I know every now and then things can get pretty tough for writers. We either hit writer’s block, the bane of our existence, or we are in some sort of financial distress be it big or small, or we just flat out don’t believe in ourselves. I know. There was a long time when I was sure that my writing skills would never get better from the cringe-worthy sappy mush I started out writing when I was younger. I was so convinced, I hid the stories I wrote from my family because I felt they were too stupid to see the light of day. And now I’m planning my wedding, and I’m a poor college student who recently thought that being a writer would never be able to be financially supporting. And don’t even get me started on writer’s block–I get that far too often.

But you know what I realized? I was writing not to prove my writing worth. Not to give me a steady income. Not to be an easy feat. I was writing because regardless of any of the three issues above, I could rise above it. And…I loved it. My fiancé pulled me aside when he noticed that my effort to create written art was getting pretty slack, and I confessed that I wasn’t sure that it was for me. He took my shoulders and looked me in the eye saying, “You know I don’t read hardly anything, but I love reading your stuff. You are so passionate about it that it just makes everything better. It doesn’t matter that you may not make the big bucks, it doesn’t matter that you may get writer’s block. You are good at what you do because you love doing it.”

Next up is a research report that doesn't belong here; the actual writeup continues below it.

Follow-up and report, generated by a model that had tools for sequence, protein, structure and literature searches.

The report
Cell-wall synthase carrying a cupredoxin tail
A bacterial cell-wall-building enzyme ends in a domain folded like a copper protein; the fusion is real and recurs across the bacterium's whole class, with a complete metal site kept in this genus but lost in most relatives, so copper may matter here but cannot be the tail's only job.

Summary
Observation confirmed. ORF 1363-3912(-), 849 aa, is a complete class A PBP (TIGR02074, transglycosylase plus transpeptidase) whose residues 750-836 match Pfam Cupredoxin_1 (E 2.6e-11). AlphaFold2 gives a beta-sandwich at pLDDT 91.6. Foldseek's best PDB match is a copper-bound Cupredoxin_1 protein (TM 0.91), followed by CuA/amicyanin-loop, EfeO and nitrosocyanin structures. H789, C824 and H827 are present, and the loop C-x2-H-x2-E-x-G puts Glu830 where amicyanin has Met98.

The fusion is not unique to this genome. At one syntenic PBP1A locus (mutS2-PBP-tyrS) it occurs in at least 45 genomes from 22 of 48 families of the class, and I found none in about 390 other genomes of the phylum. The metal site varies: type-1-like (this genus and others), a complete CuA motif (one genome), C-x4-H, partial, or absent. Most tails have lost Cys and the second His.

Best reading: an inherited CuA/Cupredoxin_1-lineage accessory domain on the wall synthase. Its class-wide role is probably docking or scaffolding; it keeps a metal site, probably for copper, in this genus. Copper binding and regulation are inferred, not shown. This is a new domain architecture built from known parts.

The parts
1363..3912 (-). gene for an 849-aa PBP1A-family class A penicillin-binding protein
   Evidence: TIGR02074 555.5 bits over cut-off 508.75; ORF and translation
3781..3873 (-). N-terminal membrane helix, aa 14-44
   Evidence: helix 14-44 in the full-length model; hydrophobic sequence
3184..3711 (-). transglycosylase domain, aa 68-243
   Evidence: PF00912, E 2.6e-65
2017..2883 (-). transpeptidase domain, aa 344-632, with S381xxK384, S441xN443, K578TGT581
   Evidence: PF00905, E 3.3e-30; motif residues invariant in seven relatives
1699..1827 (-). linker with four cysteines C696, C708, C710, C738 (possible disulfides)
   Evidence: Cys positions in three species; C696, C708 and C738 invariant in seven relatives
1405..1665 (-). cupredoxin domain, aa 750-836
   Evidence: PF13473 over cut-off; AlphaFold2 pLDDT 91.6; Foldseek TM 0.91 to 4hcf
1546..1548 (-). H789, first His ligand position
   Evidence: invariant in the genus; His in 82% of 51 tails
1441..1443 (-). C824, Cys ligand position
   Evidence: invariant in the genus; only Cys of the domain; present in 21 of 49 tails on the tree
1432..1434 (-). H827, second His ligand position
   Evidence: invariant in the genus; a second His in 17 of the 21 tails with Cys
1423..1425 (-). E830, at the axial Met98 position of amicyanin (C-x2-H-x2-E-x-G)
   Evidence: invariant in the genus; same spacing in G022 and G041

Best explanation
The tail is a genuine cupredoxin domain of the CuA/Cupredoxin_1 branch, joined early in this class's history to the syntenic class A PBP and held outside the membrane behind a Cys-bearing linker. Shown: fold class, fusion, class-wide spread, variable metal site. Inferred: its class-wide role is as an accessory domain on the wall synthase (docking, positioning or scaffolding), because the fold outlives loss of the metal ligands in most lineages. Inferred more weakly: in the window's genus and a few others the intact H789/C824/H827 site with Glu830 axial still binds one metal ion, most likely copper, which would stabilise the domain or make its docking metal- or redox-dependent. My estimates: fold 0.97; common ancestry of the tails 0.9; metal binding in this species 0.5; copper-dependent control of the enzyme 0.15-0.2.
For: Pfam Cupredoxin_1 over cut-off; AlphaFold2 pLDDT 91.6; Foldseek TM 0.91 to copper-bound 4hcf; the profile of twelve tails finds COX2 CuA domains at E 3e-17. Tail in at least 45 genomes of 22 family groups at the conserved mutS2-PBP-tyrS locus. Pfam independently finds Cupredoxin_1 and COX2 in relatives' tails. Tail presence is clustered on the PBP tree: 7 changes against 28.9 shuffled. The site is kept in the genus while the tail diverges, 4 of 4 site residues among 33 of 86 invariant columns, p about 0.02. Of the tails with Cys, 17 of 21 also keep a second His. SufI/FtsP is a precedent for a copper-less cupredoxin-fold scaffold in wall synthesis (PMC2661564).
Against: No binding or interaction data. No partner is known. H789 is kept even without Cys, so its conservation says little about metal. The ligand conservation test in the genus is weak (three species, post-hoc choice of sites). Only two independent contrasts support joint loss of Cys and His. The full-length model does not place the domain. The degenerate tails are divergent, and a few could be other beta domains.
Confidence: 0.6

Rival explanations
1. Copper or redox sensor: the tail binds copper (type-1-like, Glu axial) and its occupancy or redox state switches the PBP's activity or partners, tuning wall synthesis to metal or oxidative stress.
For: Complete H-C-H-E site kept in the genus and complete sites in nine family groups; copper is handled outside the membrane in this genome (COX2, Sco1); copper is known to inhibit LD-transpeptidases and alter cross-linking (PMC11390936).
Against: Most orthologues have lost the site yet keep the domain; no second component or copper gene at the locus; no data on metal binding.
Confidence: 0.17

If you want to have your novel published, YOU CAN! That article you want to write for your favorite magazine? SEND THE QUERY! Not to sound pretentious, but take me for example. I was a closet writer for the vast majority of my writing career (like it ever was a career), and one day, I decided to sign up for the Professional Writing class the writing department that my college began to offer. After all, I had the wisp of a dream to be a published author, and that was professional, right? So, I attended to class, gladly soaking up all the knowledge that I could. After a semester of learning about all types of professional writing options, my wispy dream morphed into a more tangible dream to be a well known author through writing helpful articles for anyone who was looking for tips. That’s the same reason why I began this blog. Now, I’ve decided that I was to follow in my professor’s footsteps and not only write as a freelance writer and author, but I want to be a writing professor just like her.

This isn’t just a story of how I effortlessly jumped into an actual career of writing. It took 2 months for me to build up the courage to send my first query letter. I put it off, put it off, put it off because I was so unsure if I was ready for it. Was my idea good enough? Are my skills high enough? What should my name be?! (Yes, this was a serious issue for me.) Finally, when my professor asked if I had sent my query, I had to guiltily say no and give the reason why I hadn’t. Her answer was eye opening. She looked at me and said, “The worst they can do is say no. That’s it.” And that’s the truth for ANY WRITING. The worst anyone can say is that they won’t publish your work or that it isn’t what they were looking for. They aren’t going to whisper to other companies that your ideas were dumb. They aren’t going to sabotage your goals. They aren’t going to make a spectacle. All they can say is no.